5. That on the 9th day of August 2018, a Request for Meeting of Parliament within 14 days under S.O. 4 (3) (b) (ii) and Section 86 (2) of the 1991 Constitution was prepared, signed by Members of Parliament and duly filed at the office of the clerk. The said 14 days expires today 23rd August 2018 and the said constitutional provisions are yet to be complied with by the speaker of Parliament.
6. To our greatest dismay however, the clerk of Parliament on Radio Democracy 98.1 FM categorically stated that the said instruments were properly laid and that they shall become law today 23rd August 2018.
Furthermore, as at yesterday 22nd August 2018, no written correspondence has been received from the speaker in respect of the said Constitutional Instruments and the concerns raised therein by Members of Parliament.
The speaker also failed and /or refused to convene a meeting of parliament as provided for by section 86 (2) of the 1991 Constitution.
7. The APC Party is therefore of the opinion that the setting up of the proposed Commissions of Inquiry is illegal ab initio. The singular and supreme authority to make laws including delegated legislations rests only with Parliament and which has not been exercised by Parliament in accordance with sections 170 (7) and 86 (2) of the 1991 Constitution which no doubt is a clear violation of the rights of the people whom they represent.
8.The APC Party is also of the opinion that the range of public officials of the former government to appear before these commissions is selective and the deliberate omission of certain names in the GTT Report has the potential of creating tension and insecurity within the country.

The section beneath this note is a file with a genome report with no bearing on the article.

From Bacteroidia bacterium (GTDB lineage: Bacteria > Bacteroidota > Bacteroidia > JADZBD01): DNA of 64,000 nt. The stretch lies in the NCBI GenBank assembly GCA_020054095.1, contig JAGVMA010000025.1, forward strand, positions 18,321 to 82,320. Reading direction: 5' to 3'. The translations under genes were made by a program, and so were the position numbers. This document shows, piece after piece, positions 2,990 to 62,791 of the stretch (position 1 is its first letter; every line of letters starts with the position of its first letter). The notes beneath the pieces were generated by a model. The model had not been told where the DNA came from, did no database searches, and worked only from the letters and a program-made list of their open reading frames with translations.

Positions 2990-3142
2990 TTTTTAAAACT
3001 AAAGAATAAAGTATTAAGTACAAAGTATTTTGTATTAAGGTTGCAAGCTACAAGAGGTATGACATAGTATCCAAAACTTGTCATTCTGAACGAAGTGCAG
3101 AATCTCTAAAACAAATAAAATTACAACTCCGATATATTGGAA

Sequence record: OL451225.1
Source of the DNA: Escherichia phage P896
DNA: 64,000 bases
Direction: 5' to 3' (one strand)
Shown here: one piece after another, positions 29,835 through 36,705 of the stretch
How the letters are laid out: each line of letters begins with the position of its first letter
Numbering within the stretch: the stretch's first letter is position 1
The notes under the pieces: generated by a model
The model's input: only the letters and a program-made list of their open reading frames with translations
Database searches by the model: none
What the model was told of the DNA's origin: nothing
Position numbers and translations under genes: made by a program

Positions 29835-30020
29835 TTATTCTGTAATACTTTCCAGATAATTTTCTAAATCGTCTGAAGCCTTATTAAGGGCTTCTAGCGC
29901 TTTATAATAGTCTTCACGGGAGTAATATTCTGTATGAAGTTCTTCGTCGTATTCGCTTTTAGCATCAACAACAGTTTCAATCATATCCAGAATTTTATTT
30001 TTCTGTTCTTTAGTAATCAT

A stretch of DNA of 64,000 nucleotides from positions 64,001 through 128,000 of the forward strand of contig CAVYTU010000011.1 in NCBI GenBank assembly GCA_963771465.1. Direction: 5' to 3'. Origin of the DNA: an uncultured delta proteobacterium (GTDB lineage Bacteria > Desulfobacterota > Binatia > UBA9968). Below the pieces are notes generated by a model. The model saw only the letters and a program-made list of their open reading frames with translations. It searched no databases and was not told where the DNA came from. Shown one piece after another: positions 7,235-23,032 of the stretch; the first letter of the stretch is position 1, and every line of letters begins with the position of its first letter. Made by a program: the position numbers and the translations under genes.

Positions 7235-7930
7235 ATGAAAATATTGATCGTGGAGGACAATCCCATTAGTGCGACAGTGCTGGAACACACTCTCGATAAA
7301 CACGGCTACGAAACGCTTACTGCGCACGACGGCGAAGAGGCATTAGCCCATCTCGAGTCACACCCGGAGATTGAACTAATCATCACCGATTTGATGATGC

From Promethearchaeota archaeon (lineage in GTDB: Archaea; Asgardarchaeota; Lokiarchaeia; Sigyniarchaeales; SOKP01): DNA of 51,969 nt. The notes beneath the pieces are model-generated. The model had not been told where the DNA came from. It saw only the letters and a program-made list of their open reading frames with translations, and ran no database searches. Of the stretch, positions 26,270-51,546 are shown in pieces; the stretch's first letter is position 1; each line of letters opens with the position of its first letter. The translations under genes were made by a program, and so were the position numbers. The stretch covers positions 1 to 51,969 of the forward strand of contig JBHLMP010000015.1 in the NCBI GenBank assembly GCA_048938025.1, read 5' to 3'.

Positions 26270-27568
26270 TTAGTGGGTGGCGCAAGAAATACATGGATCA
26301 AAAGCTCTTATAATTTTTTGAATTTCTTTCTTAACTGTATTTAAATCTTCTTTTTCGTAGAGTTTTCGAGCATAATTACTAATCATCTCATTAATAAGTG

9. The APC Party strongly wishes to bring to the notice of the public that it is in full support of the said Commissions of Inquiry and does not in any way intend to frustrate its operations. The Party however holds the view that, the said instruments, considering their wide-ranging implications on society, ought to be debated by the true representatives of the people and that the relevant constitutional provisions to make this possible must be complied with.
10. Therefore, the failure and /or refusal of the Speaker to respond to the concerns raised by Members of Parliament and considering the delicate and illegal nature of the said Constitutional Instruments, the APC Party is therefore compelled to proceed to the Supreme Court for interpretation of the relevant constitutional provisions in respect of the said Instruments.
The APC Party is of the opinion that if these Instruments are allowed to become operational without being debated, Sierra Leoneans will be deprived of their constitutional rights to participate in the law-making process. (END).”
But as the row over parliamentary procedure in bringing the commission of enquiry into existence intensifies, the government says that it is going ahead as schedule.
It blames the opposition parties for not properly filing their motion requesting a parliamentary debate within the mandated twenty-one days.
Legal observers say that it is highly likely that the Supreme Court will not be adjudicating on the matter at the request of the APC anytime soon, certainly not before the commission of enquiry is established; and that its ruling may not halt the work of the commission.
The clerk of parliament – Hon Paran Tarawallie was not available for an interview by the Sierra Leone Telegraph.